Good money habits go a long way. Reports find that finances are still the leading cause of stress both in relationships and for individuals. Fortunately, making intentional decisions to save more and spend less can get easier over time – especially if those habits are learned early on.
If you’ve got youngsters in your house, then now is an especially valuable time to teach them about the power of good money management.
Consistency is key.
Sure, setting money aside is (relatively) easy when you get a sudden influx of cash – like a birthday check. But to make saving money a part of your child’s future financial routine, you need to make sure they understand that saving money is something that happens every week or month.
After you open their savings account with them, make sure you explain that a percentage of all incoming funds will go into the savings account, whether they come from an allowance, extra chores or birthday cash. Let them know that you do the same with your paycheck(s) – which is how you afforded that vacation last year, new tires on the car or this year’s Christmas gifts.
A little bit goes a long way.
If you’re consistent about saving money, then it doesn’t require a large deposit to get ahead. Walk through a couple sample scenarios with your child to illustrate how powerful even a small amount of money can be over a consistent amount of time. For example, if your child deposits $2 from their weekly allowance into the savings account, they’d have over $100 in the account by the end of the year.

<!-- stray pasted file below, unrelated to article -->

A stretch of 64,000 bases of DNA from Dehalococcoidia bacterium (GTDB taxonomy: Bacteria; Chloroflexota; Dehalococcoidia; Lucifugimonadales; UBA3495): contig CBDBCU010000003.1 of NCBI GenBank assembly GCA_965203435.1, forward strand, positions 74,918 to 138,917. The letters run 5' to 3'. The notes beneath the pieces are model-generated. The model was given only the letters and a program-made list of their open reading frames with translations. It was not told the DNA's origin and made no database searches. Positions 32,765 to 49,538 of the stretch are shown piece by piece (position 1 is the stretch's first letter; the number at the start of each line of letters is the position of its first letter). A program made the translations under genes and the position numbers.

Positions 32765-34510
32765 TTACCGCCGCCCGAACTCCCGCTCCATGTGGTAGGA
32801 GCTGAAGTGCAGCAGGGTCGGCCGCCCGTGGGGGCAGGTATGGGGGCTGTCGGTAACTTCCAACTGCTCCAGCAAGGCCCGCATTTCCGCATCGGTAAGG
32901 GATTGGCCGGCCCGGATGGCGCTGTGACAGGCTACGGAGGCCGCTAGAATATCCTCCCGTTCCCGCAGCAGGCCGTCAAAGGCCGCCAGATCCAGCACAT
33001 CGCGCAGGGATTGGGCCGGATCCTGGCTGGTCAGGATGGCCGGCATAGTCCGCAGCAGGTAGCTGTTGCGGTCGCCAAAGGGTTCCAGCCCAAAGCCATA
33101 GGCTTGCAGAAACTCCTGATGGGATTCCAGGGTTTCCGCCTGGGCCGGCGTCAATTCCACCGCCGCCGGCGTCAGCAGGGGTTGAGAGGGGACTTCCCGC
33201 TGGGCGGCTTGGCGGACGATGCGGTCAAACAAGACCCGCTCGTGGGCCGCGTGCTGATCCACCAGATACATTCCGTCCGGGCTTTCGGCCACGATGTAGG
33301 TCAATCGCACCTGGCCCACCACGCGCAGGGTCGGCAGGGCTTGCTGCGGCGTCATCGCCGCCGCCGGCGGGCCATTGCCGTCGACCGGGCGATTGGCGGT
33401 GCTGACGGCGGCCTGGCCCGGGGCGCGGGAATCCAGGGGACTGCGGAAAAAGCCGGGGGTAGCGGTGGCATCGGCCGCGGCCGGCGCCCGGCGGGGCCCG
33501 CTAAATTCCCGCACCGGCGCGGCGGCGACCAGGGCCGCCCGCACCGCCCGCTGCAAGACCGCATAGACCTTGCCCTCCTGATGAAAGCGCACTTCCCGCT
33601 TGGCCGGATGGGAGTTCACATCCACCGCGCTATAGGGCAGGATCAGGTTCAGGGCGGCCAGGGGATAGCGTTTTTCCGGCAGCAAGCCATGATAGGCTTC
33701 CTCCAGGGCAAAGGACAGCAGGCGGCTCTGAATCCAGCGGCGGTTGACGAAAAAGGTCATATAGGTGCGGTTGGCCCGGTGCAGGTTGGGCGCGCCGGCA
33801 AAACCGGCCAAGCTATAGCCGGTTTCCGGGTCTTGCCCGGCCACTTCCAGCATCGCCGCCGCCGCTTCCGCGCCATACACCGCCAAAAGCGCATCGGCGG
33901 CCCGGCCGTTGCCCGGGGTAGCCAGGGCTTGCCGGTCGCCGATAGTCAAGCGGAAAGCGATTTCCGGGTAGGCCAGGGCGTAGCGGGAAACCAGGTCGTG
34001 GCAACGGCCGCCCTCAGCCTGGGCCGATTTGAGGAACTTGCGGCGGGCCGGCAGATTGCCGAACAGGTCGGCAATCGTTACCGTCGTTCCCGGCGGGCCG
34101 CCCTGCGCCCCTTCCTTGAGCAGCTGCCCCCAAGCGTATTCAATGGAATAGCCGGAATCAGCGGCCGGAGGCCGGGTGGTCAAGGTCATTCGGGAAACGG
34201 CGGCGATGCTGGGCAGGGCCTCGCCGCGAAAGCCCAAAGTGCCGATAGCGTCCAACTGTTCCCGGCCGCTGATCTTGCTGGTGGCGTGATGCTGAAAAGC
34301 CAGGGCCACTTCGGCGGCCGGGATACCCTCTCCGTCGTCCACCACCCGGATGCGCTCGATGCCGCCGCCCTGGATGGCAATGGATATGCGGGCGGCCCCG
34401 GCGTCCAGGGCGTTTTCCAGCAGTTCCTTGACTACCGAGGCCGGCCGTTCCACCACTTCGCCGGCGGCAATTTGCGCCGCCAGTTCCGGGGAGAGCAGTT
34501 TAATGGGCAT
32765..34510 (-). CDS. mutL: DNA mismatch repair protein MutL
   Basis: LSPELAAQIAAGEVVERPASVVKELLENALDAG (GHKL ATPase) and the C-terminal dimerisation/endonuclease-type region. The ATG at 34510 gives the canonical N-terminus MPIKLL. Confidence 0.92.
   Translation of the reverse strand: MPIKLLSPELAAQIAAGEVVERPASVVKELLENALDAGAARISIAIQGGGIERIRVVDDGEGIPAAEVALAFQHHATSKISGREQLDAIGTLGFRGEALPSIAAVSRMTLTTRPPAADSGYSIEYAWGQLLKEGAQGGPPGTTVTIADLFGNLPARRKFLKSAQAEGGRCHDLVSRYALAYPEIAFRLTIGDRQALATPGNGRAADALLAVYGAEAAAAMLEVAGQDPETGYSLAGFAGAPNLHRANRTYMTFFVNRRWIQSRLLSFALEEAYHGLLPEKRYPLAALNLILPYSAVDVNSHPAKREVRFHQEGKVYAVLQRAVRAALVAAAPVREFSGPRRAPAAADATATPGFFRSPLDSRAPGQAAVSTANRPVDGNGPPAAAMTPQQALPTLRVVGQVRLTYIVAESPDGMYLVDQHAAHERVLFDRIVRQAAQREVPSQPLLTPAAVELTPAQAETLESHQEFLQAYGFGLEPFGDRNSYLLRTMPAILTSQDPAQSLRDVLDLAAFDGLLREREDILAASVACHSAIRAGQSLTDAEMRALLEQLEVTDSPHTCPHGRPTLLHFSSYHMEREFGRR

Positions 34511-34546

If your child’s in middle school, talk to them about interest rates and the differences in savings products, like CDs or money markets.
Out of sight, out of mind.
If saving money were easier, then over 60% of us probably wouldn’t be stressed about it. Let your kids know that saving money is hard, and it’s even harder if you have easy access to it, like keeping it in a piggy bank in your room. Readily accessible funds are tempting to spend, which is why it’s important for kids to keep the money they’re saving in the bank.
Opening a first savings account is also a chance to talk about the importance of being safe with money. Talk to your kids about why stuffing money under a mattress or keeping it in a piggy bank may not be the safest option. And how they’re not actually earning any more money (in interest) by keeping it there.
Work hard now to enjoy more later.
Speaking with your kids about a savings account is a great opportunity to work in messaging about delayed gratification. Let them know that some of the best things in life – rewarding jobs, relationships, being able to afford a vacation – often require a lot of hard work.
Importance of giving back.
After your child’s developed a sizeable amount of money in their account, then you may want to consider asking them if they’d like to donate some of it towards their favorite charity or cause. For example, you could take them to a grocery store and buy $10 in food items to donate to the local food shelter. Or purchase some school supplies that will be used by kids who can’t otherwise afford them.
While the actual amount of money that’s given may be small, the habit of choosing an issue impacting their community and making an effort towards solving that is hugely important.
Start saving today.
At Washington Federal, our Statement Savings account is the perfect tool to help your kids get started. It’s only $10 to open and earn interest, and there’s no minimum monthly fee. Contact your local branch to find out more.